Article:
Wednesday, September 12, 2012

Training With Your Dog

In case you didn't know, I'm training for my first marathon.  I'm running to raise money for Henrico Humane Society.  To learn more about it, visit here.

Anyway, I'm training with Cody.  Now, due to heat throughout the summer, Cody has had to skip some of the longer runs, but he has run 7+ miles with me, and this is quite an accomplishment.  Seven miles isn't easy for anyone, but when you're also in daycare 5 days a week, 7 miles could be dangerous.  So, in case you're interested in running with your dog, I'm providing some tips for training with your dog.

1) Ease into it.   You didn't go from 0 miles to 20 miles overnight, and neither should your dog.  If your dog is new to running, start with just walking him.  Build up to running short distances and gradually increase distance and pace.  I was lucky.  Cody started training with me when I was first attempting a 5k.  I could barely run a mile, and that was at a slow pace.  Cody trained the entire time, and he even ran my first 5k race with me.  When I decided to start working towards a 10k, Cody trained with me for that as well.  He's basically been with me the whole way.  I'm a little farther ahead of him now, but I know he could easily catch up.

2) Hydrate- You know how, on a long run, it's important for you to hydrate before, during, and after?  Guess what.  The same is true for your dog!  Since dogs are built a little differently than people, and shouldn't take on a whole lot of water while running, hydration before is really key.  I actually heard a really great trick the other day to help your dog stock up on electrolytes AND water.  A few hours before your run, have your dog drink a bit of chicken broth (not too much as this will upset his tummy).  Chicken broth is salty, so this will encourage your dog to drink a little more water.  Slow down his water intake about an hour before your run, so he doesn't end up with intestinal issues.  During your run, you can let him have some water, but not full bowls.  That could cause him to get sick.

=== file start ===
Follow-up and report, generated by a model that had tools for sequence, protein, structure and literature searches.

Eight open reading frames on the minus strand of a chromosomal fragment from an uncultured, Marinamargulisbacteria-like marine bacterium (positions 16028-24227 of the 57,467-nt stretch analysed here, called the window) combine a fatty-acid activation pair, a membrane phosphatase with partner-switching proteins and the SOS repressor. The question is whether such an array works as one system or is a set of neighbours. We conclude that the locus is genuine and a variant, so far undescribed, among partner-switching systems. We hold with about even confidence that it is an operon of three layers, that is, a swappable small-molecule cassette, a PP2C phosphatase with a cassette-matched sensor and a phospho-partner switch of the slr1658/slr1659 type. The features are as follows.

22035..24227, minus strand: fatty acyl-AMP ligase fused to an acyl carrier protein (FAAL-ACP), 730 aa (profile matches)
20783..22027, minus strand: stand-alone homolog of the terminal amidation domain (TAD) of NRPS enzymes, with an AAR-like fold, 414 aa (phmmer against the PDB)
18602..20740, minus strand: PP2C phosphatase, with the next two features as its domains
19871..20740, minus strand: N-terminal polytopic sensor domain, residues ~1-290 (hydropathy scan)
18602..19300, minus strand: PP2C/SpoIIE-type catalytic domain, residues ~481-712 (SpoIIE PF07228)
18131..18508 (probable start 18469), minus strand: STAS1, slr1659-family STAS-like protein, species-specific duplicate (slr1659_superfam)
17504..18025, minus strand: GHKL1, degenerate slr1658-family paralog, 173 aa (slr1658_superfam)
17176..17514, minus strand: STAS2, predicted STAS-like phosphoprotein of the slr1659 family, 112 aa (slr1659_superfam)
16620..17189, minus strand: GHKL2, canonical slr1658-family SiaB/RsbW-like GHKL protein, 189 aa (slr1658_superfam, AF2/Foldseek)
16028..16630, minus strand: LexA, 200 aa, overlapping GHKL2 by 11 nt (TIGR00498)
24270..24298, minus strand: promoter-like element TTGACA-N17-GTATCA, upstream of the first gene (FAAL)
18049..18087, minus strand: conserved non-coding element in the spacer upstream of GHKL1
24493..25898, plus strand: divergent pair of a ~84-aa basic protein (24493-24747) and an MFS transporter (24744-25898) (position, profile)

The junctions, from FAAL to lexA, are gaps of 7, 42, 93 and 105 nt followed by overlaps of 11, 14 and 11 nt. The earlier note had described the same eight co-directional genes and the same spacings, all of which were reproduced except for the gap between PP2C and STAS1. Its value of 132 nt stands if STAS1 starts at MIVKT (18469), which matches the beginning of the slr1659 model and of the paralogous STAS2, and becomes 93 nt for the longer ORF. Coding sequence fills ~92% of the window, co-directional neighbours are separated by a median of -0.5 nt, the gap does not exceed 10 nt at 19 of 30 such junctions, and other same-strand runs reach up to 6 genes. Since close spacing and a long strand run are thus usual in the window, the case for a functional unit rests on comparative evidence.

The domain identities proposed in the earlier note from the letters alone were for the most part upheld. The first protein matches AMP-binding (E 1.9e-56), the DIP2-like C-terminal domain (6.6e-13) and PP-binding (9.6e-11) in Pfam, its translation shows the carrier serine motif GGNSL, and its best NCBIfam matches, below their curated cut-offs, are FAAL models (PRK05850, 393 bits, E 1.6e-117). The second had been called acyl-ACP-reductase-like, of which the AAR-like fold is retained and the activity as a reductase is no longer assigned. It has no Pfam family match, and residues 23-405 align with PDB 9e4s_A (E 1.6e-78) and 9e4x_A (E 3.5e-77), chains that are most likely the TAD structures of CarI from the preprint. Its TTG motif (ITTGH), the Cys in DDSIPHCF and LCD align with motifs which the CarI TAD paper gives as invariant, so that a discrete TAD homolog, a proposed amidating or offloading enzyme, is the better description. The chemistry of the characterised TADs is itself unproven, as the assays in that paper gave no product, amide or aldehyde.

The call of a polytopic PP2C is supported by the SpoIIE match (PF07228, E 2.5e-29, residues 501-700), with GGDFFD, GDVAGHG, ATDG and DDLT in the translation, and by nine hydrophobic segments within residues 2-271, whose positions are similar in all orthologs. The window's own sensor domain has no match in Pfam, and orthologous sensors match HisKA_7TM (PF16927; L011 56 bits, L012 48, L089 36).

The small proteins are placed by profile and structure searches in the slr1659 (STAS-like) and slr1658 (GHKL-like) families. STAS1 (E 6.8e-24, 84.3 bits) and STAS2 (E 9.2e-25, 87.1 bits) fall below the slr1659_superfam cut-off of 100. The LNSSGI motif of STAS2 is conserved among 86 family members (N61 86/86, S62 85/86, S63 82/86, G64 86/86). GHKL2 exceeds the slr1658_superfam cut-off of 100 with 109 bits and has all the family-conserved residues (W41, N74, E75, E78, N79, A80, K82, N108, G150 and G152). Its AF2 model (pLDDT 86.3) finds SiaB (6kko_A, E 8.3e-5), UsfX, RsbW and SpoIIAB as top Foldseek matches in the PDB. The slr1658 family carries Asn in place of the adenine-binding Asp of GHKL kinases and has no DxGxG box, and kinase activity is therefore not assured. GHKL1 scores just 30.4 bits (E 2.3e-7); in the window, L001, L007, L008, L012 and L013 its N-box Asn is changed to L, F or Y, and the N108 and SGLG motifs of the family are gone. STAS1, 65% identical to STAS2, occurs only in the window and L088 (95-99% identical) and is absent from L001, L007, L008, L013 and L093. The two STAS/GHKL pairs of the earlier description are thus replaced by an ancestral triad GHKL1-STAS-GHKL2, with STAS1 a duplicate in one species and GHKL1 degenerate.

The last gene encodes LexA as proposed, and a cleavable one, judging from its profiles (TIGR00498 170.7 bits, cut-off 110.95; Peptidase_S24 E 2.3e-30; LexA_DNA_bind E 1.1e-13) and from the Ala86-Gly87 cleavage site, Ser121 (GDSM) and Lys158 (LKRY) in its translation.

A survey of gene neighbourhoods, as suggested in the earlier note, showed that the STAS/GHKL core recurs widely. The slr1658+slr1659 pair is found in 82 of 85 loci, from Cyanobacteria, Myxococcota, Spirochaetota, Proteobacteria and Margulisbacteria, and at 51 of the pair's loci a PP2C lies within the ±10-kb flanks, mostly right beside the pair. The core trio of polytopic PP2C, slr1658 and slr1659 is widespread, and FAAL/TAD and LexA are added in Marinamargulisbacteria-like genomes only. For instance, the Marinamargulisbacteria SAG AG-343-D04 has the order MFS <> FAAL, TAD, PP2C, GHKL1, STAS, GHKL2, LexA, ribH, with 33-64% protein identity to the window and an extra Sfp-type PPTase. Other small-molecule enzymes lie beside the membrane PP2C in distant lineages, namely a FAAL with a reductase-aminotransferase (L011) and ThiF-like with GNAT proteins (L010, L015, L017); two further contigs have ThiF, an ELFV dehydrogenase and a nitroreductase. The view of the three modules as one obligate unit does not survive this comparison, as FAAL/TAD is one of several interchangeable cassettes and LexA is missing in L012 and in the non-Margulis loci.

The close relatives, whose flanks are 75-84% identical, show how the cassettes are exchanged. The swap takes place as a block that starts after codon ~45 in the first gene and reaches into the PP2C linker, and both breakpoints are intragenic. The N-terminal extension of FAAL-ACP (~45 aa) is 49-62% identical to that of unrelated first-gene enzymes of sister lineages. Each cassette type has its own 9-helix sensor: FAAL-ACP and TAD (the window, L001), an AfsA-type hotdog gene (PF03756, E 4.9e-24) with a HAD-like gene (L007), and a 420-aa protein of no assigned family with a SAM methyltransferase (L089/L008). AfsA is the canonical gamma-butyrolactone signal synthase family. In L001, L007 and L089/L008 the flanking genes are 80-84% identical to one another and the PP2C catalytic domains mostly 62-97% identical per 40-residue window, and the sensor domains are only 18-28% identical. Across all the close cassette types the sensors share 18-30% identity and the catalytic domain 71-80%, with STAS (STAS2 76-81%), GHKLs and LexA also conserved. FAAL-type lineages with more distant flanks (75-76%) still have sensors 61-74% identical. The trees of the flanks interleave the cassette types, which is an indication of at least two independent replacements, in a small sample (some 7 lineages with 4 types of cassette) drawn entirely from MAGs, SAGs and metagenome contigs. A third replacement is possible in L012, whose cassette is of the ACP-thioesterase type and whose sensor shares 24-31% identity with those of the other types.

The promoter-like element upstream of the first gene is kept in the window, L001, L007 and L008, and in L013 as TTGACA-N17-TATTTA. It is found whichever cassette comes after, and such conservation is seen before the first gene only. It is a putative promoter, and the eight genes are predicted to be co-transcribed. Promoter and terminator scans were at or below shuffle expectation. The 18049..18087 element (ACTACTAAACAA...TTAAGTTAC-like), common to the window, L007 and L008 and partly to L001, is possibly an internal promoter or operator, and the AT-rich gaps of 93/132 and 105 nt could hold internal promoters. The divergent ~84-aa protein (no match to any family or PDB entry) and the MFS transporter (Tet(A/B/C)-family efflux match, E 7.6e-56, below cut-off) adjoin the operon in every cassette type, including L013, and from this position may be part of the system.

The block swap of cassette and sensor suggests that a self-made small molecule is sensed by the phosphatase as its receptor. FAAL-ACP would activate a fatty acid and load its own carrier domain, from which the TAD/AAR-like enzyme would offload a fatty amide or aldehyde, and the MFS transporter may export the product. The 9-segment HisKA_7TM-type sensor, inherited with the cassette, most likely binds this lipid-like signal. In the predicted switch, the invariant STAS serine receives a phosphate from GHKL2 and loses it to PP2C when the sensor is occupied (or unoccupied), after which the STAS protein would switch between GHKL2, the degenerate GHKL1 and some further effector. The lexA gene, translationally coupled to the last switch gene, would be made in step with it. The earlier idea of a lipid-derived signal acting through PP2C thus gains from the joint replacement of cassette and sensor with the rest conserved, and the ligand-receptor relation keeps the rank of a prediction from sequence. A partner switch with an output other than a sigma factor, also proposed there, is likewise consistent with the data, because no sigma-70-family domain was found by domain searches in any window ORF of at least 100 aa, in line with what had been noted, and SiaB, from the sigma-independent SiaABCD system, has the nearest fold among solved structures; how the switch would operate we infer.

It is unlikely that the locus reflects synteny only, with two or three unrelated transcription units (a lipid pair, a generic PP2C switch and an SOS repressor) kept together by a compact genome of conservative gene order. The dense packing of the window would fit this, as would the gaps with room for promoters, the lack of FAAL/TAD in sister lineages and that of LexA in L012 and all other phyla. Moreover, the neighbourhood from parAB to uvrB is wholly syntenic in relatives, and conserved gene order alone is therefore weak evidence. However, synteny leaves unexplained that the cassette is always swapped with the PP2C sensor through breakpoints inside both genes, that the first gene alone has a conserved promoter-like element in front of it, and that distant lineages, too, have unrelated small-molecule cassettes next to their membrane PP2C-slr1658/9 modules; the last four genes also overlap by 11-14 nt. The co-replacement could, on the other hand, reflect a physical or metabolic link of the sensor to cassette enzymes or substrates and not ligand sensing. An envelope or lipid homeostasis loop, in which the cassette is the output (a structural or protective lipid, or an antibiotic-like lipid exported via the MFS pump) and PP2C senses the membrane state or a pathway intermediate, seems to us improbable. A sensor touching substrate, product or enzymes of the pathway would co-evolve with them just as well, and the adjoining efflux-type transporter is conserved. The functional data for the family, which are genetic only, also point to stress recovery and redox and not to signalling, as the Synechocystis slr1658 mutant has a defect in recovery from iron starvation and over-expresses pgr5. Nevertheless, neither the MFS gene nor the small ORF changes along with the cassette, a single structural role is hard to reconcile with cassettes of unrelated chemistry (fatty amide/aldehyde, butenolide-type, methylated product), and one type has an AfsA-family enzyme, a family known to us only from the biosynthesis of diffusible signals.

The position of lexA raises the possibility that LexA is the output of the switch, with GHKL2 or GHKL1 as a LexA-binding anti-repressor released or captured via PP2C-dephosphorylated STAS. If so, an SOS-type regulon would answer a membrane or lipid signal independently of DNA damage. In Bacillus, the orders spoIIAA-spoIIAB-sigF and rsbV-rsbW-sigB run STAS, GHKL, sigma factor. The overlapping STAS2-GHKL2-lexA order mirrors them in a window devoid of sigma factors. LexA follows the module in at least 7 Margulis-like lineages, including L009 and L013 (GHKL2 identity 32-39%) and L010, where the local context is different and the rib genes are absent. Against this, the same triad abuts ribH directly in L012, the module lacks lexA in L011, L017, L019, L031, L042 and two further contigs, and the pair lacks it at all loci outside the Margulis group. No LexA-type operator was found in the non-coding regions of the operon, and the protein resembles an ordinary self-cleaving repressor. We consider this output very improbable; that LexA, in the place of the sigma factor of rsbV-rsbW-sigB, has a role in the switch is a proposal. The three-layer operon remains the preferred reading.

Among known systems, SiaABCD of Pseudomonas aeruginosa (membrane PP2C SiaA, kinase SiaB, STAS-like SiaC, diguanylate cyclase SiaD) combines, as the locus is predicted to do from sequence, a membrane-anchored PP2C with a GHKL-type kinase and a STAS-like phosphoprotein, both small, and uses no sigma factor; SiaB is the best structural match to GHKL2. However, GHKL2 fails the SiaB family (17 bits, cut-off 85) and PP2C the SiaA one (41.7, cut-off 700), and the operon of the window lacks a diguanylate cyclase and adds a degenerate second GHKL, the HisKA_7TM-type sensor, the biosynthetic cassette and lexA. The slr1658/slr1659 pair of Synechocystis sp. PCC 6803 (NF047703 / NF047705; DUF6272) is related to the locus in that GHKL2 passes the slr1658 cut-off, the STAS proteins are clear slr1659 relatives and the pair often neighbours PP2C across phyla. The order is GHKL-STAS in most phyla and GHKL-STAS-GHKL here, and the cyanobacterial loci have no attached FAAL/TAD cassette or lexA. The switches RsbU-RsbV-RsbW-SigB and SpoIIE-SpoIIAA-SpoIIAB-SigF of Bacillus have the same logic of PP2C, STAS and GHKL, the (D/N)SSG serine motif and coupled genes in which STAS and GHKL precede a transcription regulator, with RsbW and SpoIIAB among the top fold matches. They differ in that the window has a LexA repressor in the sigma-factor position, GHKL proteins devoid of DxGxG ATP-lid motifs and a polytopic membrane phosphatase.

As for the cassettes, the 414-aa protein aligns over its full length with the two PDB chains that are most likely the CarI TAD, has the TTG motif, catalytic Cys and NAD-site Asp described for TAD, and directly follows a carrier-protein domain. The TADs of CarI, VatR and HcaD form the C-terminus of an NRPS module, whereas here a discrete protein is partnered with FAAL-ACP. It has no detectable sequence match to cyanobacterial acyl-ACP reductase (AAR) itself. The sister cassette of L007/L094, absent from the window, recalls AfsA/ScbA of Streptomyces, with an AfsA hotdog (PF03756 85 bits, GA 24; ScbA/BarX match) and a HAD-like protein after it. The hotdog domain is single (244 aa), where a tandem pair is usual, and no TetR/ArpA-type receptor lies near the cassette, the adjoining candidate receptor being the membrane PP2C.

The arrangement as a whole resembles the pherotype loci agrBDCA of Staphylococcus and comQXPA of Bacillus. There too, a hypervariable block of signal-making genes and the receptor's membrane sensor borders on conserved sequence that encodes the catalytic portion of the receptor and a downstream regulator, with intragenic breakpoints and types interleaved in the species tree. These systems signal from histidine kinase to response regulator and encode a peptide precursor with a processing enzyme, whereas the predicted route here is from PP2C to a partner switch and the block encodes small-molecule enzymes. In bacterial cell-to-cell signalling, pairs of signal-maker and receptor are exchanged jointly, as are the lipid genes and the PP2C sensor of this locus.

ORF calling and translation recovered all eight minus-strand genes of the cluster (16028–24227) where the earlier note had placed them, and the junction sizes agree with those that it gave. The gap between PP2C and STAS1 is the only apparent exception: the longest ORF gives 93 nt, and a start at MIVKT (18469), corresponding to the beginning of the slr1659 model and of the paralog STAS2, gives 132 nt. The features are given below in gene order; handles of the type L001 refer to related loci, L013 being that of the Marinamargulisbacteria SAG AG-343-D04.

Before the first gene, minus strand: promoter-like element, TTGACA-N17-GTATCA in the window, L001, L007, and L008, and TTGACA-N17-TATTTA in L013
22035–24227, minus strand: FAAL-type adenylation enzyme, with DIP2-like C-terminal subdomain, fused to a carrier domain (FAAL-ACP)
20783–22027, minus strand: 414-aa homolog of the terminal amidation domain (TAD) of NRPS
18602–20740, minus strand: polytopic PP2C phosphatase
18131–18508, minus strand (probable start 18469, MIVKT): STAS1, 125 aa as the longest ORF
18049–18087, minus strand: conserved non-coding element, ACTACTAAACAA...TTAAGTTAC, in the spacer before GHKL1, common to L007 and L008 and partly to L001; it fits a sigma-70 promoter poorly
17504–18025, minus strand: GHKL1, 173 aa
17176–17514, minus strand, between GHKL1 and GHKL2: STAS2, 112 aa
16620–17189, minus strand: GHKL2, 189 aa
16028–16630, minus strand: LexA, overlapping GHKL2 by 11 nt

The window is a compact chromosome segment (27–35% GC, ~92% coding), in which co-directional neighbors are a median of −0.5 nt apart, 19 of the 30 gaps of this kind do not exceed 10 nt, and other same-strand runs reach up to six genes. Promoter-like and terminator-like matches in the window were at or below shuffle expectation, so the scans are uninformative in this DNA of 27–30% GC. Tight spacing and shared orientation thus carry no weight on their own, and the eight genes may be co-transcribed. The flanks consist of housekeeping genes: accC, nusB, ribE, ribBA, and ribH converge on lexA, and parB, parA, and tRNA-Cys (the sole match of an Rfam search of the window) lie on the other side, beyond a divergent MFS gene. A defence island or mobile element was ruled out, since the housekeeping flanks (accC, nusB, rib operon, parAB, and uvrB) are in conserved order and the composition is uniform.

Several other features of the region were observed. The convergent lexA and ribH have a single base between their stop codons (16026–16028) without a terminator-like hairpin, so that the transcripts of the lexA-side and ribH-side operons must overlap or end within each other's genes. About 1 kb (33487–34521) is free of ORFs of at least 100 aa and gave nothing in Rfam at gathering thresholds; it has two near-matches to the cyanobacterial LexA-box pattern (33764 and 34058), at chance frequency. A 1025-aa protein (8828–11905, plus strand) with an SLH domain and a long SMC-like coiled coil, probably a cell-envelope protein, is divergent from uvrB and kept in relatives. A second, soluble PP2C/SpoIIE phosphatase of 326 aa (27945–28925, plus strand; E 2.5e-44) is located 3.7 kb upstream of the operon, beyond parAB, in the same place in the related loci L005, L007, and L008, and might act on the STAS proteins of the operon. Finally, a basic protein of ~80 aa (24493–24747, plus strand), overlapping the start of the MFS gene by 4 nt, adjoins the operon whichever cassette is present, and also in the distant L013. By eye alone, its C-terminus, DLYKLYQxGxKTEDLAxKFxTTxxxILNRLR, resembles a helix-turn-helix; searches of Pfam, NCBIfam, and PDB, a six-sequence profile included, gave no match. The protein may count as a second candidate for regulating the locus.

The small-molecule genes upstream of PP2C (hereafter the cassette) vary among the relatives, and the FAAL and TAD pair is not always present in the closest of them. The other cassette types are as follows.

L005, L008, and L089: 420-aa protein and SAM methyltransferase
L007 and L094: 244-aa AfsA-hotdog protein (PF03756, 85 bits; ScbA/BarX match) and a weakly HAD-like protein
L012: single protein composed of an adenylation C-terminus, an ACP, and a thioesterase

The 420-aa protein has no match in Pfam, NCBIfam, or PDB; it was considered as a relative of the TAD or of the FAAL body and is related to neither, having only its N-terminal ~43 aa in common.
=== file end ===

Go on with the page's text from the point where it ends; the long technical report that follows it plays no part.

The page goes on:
3) Fuel- Yep, food is important too.  I will sometimes bring a small snack for Cody (i.e. give him a few bites of what I'm having), but his daily nutrition is important too.  Cody is on a fairly high protein diet, with few fillers, and he gets lots of food.  He'll eat anywhere between 2 and 8 cups of  food a day with lots of snacks in between.

4) Crosstrain- It is important for your dog to strengthen other parts of his body as well.  If your dog plays well with others, day care can help with that, but there are quite a few other useful activities as well.  Cody loves swimming and he practices some mild agility from time to time.  Swimming, of course, is a great work out for him, and agility helps with focus, strength, and balance.

5) Rest- Some dogs can run 20 miles and feel like it was just a warm up.  Other dogs run 2 and feel like they're about to die.  If your dog needs a rest, let him rest.  Occasionally give him a day off.  Yesterday, Cody and I ran 3 miles together and then Cody came to the daycare with me.  This morning, Cody wanted to sleep in, so he got the morning off, while I ran 7 miles.  He was simply too tired to go for any sort of run.

6) Stretch- Dogs need to stretch out, just like people do.  The internet is very useful for finding different stretches for your dog, but I also encourage people to look into Doga.  It's quite useful and relaxing.  You may also want to look into other sorts of care for your dog as well, such as massage, chiropractic care, or acupuncture.  Your dog can have aches and pains just like you do.  He just can't tell you how or where it hurts.

As always, consult a licensed veterinarian before attempting any sort of exercise / diet with your dog.  If, however, you take care of your dog's needs, you'll end up with a terrific running companion.

Dogs Will Be Dogs